The US set a new daily record for Covid-19 deaths on Jan. 6, reporting the loss of 3,963 lives. So where are the vaccines?
Thus far, the rollout of doses from Pfizer and Moderna has been underwhelming. The US set a goal of vaccinating 20 million people in December 2020, but by Jan. 7 the US Centers for Disease Control and Prevention (CDC) reported that only 5.3 million first doses had been injected, and only about 17 million doses have been sent to states. The slow pace means it will take longer to bring the pandemic under control, increasing both the human and economic toll of this crisis.
The problem appears to be government dysfunction—specifically, an unfulfilled need for support from the federal government to the state agencies and local healthcare providers tasked with distributing the vaccine. To reach safe levels of immunity in the US by May would require providing 1.8 million doses every single day after Jan. 15, according to a letter (pdf) the American Hospital Association (AHA) sent to Health and Human Services secretary Alex Azar today.
How does the US get there?
US lawmakers voted on $8.7 billion in funding to support vaccine distribution in late December, which was further delayed by president Donald Trump’s aborted veto threat. That money is now being distributed, but it was needed months ago to prep for distribution. The main organizations responsible for delivering the vaccines—hospitals, clinics, and pharmacies, but more importantly the healthcare workers therein—are already stretched thin by the pandemic itself. Some states are calling up retired medical professionals to perform vaccinations, which might move quicker if the federal government suspends medical license requirements and covers liability insurance.
Beyond personnel, the available vaccines need to be kept cold, which requires working freezers and dry ice. More people coming to health centers also means more protective equipment is required. The incoming Biden administration has suggested it will use wartime authorities that the Trump administration largely bypassed to increase production of components like vials and syringes but also the drugs themselves. Since the CARES Act was passed in April 2020, the US government has spent more than $3.5 billion on vaccine research, testing, and production, and nearly $500 million on vials and pre-filled syringes.
Once the vaccine rollout expands beyond specialized facilities like hospitals and nursing homes, Utah Senator Mitt Romney has called on the federal government to mobilize an army of vaccinators at sites like public schools. Such sites are likely to require significant logistical support, perhaps with state governors calling out the National Guard, to deal with everything from IT issues to physical infrastructure to transportation.
There are 64 jurisdictions in the US responsible for vaccine distribution, and each one has their own plan. Initial doses were allocated based on estimates of how many high-priority vaccine recipients are in each jurisdiction, but some hospitals have received fewer doses than expected, while others have received many more, and per the AHA, they don’t know who in the federal government to call with questions. The AHA wants frequent calls for local officials to connect with the federal government to share best practices and standardize vaccine distribution approaches. It also wants the government to set out vaccination goals and be transparent about where they are being reached in order to funnel assistance to the places that need it most. Right now, HHS is sharing data about how many doses have been distributed, but not comparing them to any kind of benchmark.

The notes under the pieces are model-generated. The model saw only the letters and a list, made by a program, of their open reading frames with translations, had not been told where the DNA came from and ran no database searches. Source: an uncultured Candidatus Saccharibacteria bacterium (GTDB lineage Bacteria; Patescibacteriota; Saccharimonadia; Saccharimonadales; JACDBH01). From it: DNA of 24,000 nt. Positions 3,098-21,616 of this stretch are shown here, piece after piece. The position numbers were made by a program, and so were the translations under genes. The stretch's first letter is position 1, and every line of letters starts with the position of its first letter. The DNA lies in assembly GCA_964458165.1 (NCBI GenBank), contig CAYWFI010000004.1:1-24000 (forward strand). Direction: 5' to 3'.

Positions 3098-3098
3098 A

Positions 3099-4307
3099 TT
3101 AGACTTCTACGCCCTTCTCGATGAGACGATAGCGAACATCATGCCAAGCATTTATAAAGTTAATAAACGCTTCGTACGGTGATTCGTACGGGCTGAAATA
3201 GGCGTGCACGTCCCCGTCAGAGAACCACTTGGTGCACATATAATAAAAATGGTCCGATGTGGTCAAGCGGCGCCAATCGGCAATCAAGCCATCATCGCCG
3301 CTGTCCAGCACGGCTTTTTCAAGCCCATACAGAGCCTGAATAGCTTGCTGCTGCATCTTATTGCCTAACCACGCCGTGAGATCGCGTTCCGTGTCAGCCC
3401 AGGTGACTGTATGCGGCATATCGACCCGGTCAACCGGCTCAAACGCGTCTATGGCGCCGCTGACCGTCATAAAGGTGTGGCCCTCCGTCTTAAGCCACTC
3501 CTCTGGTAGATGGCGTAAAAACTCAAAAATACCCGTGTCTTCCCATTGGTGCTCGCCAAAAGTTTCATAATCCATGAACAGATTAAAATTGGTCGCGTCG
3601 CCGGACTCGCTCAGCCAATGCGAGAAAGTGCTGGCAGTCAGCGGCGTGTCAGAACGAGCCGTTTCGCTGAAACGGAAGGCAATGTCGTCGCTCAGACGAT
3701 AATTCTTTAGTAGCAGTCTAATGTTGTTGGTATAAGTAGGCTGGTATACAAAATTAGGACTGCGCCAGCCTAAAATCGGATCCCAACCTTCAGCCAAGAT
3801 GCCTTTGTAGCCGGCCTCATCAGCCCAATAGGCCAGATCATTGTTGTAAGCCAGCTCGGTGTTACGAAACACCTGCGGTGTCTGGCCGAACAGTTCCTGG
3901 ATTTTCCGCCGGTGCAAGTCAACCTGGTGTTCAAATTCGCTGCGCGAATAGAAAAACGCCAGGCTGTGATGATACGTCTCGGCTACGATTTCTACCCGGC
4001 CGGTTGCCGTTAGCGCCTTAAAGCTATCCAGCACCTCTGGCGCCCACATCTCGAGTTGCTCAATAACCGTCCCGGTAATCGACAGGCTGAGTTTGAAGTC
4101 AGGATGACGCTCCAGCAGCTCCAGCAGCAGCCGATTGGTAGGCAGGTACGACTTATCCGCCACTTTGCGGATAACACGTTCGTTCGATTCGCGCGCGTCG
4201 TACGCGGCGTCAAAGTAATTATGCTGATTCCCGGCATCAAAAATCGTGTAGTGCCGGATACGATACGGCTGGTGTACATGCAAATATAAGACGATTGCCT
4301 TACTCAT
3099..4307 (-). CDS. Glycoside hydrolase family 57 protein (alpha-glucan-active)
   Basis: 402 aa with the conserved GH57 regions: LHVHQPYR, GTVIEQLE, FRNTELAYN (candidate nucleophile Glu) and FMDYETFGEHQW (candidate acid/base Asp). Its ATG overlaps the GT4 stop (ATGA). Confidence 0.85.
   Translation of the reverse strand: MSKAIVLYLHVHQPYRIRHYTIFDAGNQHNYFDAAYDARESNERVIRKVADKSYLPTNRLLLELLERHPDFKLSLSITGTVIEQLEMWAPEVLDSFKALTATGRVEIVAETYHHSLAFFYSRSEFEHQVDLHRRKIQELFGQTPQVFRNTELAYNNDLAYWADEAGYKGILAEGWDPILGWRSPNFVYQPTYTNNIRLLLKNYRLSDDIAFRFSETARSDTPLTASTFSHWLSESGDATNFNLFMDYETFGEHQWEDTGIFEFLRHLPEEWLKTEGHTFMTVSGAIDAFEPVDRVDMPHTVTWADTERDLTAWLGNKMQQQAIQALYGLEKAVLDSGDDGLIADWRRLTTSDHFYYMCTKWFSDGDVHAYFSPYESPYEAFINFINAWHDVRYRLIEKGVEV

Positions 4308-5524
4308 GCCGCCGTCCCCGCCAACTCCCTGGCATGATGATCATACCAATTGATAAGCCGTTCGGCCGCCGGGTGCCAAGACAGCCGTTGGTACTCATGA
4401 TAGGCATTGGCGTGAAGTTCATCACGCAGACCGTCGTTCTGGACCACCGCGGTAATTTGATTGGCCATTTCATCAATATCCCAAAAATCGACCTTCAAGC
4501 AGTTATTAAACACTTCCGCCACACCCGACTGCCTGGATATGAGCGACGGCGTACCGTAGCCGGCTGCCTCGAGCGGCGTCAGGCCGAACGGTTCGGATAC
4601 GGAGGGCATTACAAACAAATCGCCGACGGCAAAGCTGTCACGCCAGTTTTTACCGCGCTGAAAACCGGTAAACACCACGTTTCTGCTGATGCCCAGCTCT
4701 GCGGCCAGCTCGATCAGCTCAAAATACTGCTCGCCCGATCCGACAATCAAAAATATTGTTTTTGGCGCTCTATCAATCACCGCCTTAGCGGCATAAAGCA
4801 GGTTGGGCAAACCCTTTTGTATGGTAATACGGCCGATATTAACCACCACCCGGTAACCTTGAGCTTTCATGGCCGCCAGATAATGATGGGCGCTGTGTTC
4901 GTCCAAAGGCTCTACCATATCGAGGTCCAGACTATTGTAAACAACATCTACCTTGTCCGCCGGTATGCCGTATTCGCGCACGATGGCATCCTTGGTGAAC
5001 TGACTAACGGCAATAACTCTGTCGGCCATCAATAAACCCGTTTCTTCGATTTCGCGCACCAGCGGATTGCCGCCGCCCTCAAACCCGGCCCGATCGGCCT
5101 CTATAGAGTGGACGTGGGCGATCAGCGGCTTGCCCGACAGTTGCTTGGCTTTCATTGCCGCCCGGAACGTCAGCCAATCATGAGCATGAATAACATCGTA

The complex guidelines developed by the CDC and passed along to the various jurisdictions for their own tweaks may be slowing the distribution of vaccines. They include multiple phases and sub-phases, and require the collection of personal information and outside certification of medical conditions or type of employment. And some hospitals serve patients in multiple jurisdictions—for example, at state borders—and lack certainty about how to apply conflicting guidelines. For example, like most states, Massachusetts and Connecticut are prioritizing first responders and nursing home residents, but Massachusetts also includes prisoners, home healthcare workers, and the homeless in its first phase.
Some argue that a simplified focus on age would be a faster path to national immunity than forcing providers to work through a complex calculus that might also include occupation and health risks. US surgeon general Jerome Adams says vaccine distributors should be ready to skip down the priority list to administer vaccines to whoever will take them—but doing that efficiently requires a dramatically different logistical plan than the one states have set up for the first rounds of vaccinations.
Another challenge has proven to be the refusal of certain high-priority individuals, including healthcare workers and first responders, to be vaccinated. Health experts fear that this will continue to be an issue as more and more of the general population become eligible to be inoculated. The recent pandemic relief bill includes funding for vaccine education, but fighting misinformation about the pandemic has proven difficult, to say the least. Experts say a unified message from public figures about the importance of taking Covid-19 seriously, thus far not forthcoming, would help.
Dispelling worries about cost is also important, given surprise charges for Covid-19 testing; lawmakers have so far allocated $25 billion in an attempt to ensure no one needs to pay to be vaccinated. Past vaccine campaigns have also turned to incentives, including cash payments, to reach national immunity, but the efficacy of such strategies is debatable.